Rabid skunk discovered in Flushing

FLUSHING — A rabid skunk has been identified in Flushing, becoming the first confirmed animal rabies case in Genesee County this year.

According to the Genesee County Health Department (GCHD), the skunk was discovered last week near the City of Flushing. Health officials said that human exposure to the skunk was unlikely.

The GCHD is reminding residents that wild animals become active in the spring, which means the possibility of exposure to rabies is increasing. GCHD officials are advising the public, especially children, to avoid contact with wild, stray or dead animals to protect themselves against rabies.

Rabies is a virus that affects the nervous system of mammals, including humans. A person may contract rabies through a bite, scratch or saliva from an infected animal.

A potential rabies exposure should never be taken lightly. Treatment is available and effective for rabies if medical attention is received shortly after contact. However, rabies is fatal if left untreated.

The GCHD is recommending that all pet owners have their animals vaccinated with the rabies vaccine, which is essential for promoting animal and human health. Whether animals are kept indoors or outdoors, it is important to make sure they are all protected against rabies, as exposure may occur even in the most unlikely situations. The disease can affect a wide variety of domestic animals, including dogs, cats, ferrets, horses, cattle and sheep.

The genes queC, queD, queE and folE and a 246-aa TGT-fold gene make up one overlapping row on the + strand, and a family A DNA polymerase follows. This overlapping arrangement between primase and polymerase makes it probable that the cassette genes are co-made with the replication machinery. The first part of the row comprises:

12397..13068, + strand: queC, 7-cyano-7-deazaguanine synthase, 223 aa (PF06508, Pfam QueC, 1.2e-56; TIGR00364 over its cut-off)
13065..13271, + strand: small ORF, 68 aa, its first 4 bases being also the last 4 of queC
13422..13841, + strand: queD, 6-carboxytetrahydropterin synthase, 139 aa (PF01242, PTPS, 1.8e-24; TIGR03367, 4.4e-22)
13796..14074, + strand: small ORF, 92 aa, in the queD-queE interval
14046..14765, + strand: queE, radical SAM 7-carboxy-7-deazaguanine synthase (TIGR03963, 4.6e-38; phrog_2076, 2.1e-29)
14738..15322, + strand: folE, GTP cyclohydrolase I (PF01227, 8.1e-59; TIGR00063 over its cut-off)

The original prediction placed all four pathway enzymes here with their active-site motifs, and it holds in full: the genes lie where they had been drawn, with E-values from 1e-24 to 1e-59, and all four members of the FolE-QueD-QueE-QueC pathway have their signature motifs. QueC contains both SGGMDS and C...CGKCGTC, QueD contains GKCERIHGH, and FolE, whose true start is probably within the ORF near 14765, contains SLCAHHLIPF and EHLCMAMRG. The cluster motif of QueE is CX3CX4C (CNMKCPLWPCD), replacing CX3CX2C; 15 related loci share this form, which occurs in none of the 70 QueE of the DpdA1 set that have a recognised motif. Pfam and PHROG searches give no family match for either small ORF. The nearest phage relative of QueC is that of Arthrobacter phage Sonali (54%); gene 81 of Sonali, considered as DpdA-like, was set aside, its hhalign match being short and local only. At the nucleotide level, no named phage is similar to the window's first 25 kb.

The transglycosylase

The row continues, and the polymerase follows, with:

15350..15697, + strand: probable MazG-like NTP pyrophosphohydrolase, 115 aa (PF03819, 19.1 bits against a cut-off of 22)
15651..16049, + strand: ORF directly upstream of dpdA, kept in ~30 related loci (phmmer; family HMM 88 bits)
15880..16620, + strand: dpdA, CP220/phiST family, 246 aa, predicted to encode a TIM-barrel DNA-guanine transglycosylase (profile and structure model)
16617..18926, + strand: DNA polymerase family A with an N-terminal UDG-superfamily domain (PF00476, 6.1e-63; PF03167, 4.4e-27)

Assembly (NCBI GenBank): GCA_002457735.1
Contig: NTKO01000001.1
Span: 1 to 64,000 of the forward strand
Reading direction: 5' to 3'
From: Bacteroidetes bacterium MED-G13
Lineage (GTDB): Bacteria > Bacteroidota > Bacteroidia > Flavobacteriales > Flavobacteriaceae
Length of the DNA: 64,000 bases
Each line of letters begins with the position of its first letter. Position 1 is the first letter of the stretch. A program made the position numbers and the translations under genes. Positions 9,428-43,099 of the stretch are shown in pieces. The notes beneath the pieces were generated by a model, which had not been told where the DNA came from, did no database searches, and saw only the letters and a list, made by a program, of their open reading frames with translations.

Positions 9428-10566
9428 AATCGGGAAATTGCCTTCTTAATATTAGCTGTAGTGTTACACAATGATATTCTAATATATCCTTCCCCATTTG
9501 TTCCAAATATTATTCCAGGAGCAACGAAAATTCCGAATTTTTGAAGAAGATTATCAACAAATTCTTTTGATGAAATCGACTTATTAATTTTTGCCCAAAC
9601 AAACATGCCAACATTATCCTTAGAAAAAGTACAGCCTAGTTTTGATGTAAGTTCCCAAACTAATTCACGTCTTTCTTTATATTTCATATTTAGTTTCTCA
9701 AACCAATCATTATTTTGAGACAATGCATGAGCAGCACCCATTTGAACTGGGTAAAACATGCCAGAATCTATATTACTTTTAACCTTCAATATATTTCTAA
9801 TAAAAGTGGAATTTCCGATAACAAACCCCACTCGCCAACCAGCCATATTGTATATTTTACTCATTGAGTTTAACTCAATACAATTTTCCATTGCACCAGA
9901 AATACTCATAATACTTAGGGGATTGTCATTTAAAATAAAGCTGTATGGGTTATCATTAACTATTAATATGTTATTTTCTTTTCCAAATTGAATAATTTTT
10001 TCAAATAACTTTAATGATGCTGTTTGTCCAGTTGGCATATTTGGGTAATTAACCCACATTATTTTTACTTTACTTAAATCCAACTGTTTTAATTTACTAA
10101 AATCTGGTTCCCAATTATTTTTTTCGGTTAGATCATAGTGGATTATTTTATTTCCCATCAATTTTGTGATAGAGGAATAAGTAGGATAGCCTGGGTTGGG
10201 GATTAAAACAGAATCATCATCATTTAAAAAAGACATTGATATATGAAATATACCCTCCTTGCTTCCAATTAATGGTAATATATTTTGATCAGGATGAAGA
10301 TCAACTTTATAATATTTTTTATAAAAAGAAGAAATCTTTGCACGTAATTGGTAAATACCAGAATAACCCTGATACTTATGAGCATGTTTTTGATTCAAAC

How to prevent the spread and protect yourself from rabies:

–Keep vaccinations up to date for all dogs, cats, ferrets and other animals you own. A licensed veterinarian should give the vaccines, and the appropriate boosters can be discussed based on the guidelines.

–Seek immediate veterinary assistance for your pet if it is bitten by a wild animal or exposed to a bat.

–If you or a family member is bitten or scratched by a wild animal, immediately wash the wound with soap and hot water. Contact your physician and state or local health department for further guidance regarding potential rabies exposure to evaluate the need for rabies post-exposure vaccination.

–Do not handle stray, wild or dead animals. Teach children to never handle unfamiliar animals, wild or domestic, even if they appear friendly.

–Never adopt wild animals, bring them into your home or try to nurse sick, wild animals.

–Keep pets indoors, supervise when outside and always use a leash when walking to limit their exposure to wild animals that may be rabid.

For removal of nuisance animals, please contact a permitted contactor with the Department of Natural Resources (DNR), preferably one with both liability insurance and workers compensation insurance. Ensure that the contractor is permitted for the specific animal you wish to be removed.

A list of wildlife damage and nuisance animal control contractors in your area can be found here: www.michigan.gov/dnr/0,4570,7-350-79136_79608_83071-137162–,00.html.

For questions regarding domestic animals such as dogs or cats, please contact Genesee County Animal Control at 810-732-1660. For questions regarding human health, contact GCHD at 810-257-1017. — B.G.